Residents on horseback help Ferguson cops detain armed robbery suspect

It's unknown if the suspect was spooked more by the police dog or the men on horseback chasing him. (Photo: St. Louis Post-Dispatch)

It’s unknown if the suspect was spooked more by the police dog or the men on horseback chasing him. (Photo: St. Louis Post-Dispatch)

A man who became somewhat of a local celebrity when he showed up on horseback during protests following the shooting death of Michael Brown in Ferguson, Missouri, made headlines again when he gave local law enforcement a hand in catching an armed robber Monday.

Keith Butler, who goes by the nickname “Django,” was with his daughter, Jollin Young, riding his horse, Shiloh, with another friend through a Ferguson neighborhood when the trio heard calls for help, the St. Louis Post-Dispatch reported.

A nearby teenager had just been the victim of a robbery – two teens had held him at gunpoint and took his cell phone. And just like straight out of a classic Western, the heroic horsemen came to the victim’s aid.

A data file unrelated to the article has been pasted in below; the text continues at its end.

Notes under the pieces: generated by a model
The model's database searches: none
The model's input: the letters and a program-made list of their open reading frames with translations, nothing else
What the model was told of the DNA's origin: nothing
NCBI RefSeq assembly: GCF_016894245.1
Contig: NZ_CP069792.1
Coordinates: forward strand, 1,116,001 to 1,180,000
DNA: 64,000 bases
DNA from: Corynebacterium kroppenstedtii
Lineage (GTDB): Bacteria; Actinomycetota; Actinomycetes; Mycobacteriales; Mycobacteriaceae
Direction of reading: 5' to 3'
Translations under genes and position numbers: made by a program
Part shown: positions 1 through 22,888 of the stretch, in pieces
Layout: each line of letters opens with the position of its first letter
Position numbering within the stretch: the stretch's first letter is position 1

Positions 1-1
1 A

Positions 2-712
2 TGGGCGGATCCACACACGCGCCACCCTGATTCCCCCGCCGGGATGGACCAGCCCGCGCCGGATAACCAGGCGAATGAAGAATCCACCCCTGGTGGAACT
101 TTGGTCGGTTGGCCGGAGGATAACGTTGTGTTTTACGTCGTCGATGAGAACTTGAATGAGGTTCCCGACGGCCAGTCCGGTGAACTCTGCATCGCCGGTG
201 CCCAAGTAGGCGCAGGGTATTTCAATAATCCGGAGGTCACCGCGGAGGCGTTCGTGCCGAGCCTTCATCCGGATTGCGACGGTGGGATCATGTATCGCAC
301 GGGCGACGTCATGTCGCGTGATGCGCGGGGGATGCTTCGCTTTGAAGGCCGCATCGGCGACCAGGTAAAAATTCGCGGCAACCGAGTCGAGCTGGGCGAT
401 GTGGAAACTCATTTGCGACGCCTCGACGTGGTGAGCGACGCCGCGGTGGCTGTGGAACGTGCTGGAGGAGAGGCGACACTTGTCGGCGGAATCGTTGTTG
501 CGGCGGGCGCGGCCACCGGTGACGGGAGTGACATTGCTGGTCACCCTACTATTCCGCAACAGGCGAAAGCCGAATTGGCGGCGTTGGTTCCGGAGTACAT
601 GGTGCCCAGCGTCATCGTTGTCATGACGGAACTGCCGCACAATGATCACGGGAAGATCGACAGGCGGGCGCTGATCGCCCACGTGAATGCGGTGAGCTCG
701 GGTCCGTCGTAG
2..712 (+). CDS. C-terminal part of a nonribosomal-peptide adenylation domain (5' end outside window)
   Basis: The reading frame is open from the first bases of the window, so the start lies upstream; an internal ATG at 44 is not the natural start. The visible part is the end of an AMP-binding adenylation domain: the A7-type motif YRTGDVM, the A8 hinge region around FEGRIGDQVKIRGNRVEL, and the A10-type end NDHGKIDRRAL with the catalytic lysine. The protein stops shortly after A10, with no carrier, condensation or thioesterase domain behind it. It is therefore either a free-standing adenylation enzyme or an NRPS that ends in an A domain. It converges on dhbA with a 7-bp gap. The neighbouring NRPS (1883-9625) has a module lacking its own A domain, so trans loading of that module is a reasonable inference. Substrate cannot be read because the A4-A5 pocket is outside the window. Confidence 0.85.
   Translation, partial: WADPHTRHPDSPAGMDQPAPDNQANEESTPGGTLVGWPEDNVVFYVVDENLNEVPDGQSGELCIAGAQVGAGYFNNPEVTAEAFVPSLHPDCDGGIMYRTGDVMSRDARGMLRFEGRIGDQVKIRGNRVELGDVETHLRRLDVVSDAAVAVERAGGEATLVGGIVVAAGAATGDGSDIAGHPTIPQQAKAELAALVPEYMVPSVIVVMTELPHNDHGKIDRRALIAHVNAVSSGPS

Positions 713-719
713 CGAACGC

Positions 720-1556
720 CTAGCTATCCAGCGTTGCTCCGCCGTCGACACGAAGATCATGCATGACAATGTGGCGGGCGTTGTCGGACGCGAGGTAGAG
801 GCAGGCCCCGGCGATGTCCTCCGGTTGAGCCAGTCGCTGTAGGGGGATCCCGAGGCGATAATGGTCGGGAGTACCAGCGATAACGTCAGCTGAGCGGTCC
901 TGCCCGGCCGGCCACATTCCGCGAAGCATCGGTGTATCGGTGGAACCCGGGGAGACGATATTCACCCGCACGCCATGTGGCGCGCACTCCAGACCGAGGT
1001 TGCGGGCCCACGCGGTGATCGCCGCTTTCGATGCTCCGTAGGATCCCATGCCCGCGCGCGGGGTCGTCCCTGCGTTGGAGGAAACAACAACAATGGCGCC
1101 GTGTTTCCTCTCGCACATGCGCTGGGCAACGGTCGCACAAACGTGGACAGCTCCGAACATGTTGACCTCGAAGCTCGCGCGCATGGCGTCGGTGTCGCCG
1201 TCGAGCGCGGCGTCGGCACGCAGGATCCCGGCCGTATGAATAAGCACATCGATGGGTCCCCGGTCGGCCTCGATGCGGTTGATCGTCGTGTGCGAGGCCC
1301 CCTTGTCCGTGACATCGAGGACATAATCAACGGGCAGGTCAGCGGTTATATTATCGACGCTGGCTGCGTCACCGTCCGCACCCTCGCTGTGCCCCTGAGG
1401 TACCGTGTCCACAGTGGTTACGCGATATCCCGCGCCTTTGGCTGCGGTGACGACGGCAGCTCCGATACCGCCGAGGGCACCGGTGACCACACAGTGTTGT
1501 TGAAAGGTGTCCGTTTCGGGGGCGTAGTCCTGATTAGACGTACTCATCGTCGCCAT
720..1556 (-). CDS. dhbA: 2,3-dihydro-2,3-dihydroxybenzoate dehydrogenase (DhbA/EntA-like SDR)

The two men – while still on horseback – chased down the suspects, helping local law enforcement to apprehend at least one, although it’s unclear if the second suspect was also caught.

Butler first broke headlines when he stood out against the crowd of Ferguson protesters atop his chocolate brown and cream colored steed.

“Whenever teenagers lose their lives, I do a ride,” Butler told Jessica Lussenhop of the Daily Riverfront Times.

The name Shiloh means “the peaceful one.” (Photo: St. Louis Post-Dispatch)

The name Shiloh means “the peaceful one.” (Photo: St. Louis Post-Dispatch)

It’s a tradition he started after losing his teen nephew in a tragic car accident.

Butler explained he had to wait several days for tensions to cool a bit before bringing Shiloh out on the streets with other protesters, fearing the loud noise of the flash-bangs and sound cannons might spook the otherwise tame horse.

“All of a sudden, this horse just rode down the middle of the street. The man riding it stopped and got off the horse to spend a moment where Mike was shot and killed,” Lussenhop told NBC News.

“He said he just pays his respects and goes home,” Lussenhop said.